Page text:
Shocked! After being told by doctors it wasn’t going to happen, I had started to mentally prepare myself for never having another child. We had actually started looking at becoming foster carers, which we will definitely revisit in the future. I always had hope but I don’t think I allowed myself to truly believe it was possible.
It was a lovely moment, but it was also tinged with anxiety and apprehension because we had a missed miscarriage during lockdown which was very traumatic for my wife who had to go through it all alone. Pregnancy after loss is very hard, so I was over the moon but also realistic that things still may not work out.
What advice would you offer to families experiencing their own fertility journey?
Don’t give up hope! The road ahead sometimes seems impossible and the mountain seems too big to climb, but the reward is worth every moment. Also, don’t lose sight of what you already have. While struggling to conceive our first, somebody told us, “Worst case scenario, it will just be you two,” and, as much as I wanted children, that was OK with me. Trying for a baby can consume you, but don’t forget what you already have in front of you.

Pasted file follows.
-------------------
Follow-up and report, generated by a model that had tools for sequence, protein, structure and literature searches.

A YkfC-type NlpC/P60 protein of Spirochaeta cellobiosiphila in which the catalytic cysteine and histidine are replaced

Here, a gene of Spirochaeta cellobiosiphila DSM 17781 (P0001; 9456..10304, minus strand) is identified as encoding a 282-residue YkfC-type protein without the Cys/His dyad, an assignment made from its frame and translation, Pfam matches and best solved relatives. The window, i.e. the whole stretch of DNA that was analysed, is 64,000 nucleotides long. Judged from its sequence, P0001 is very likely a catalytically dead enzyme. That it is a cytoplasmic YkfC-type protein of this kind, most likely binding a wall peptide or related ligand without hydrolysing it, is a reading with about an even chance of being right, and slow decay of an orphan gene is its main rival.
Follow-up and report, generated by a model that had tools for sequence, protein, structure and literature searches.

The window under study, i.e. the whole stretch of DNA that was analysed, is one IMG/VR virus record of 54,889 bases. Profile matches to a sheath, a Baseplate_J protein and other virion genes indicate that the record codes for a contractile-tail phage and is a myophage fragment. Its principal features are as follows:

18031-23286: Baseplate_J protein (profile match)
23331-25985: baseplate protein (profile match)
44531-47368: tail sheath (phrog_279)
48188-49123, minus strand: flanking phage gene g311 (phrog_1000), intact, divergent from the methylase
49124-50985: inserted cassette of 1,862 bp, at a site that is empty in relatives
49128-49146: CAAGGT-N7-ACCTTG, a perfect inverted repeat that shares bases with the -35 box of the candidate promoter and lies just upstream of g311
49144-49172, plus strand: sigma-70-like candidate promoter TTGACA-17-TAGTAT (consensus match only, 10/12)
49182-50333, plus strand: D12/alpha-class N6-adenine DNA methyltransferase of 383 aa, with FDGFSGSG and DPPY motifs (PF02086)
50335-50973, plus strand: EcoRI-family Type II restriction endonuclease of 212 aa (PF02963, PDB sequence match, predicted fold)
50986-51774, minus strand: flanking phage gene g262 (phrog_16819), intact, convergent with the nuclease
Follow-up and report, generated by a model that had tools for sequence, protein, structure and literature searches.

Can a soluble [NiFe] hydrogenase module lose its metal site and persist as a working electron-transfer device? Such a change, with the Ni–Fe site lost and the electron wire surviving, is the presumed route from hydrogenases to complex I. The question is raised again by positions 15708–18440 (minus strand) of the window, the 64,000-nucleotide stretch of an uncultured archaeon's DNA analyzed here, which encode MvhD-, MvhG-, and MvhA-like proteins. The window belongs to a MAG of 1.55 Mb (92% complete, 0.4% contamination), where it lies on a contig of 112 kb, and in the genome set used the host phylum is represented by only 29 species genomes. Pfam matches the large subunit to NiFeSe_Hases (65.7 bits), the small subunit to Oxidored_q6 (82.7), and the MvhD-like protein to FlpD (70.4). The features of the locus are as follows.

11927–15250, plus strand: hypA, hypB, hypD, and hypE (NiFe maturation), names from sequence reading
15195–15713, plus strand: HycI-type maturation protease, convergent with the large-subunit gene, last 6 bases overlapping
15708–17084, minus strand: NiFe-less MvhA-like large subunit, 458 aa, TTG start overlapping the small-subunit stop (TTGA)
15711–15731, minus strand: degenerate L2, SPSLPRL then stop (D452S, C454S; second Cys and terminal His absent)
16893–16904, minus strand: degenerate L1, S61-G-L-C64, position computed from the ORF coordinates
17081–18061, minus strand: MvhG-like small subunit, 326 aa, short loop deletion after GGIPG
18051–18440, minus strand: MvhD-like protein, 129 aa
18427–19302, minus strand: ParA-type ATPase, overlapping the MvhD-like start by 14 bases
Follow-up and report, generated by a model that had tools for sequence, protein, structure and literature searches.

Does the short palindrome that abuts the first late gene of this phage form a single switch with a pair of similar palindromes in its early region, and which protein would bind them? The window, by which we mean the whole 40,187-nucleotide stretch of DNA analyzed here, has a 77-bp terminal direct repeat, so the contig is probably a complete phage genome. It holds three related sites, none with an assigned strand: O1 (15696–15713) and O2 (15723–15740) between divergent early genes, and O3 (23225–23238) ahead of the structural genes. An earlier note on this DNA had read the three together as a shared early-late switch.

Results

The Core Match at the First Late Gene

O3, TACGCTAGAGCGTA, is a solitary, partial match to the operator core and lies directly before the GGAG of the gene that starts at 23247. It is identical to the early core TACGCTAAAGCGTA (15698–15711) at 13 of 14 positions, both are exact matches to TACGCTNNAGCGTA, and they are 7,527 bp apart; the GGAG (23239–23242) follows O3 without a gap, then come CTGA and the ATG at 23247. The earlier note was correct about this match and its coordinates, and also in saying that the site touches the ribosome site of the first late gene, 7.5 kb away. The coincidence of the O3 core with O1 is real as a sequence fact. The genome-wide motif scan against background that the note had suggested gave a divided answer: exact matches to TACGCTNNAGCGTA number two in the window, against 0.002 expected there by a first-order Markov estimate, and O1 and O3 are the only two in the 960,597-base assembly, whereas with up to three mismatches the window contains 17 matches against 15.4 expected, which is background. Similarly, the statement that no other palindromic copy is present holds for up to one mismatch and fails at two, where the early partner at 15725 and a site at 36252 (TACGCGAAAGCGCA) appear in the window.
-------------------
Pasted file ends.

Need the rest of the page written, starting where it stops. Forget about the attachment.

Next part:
Is there anything else you would like to tell us about your fertility journey?
I just want to emphasise that as lonely as it can feel, you are not alone.
If you think you may be experiencing any of the issues outlined above, speak to your GP who may be able to refer you to further support. Help is available and you don’t need to suffer alone.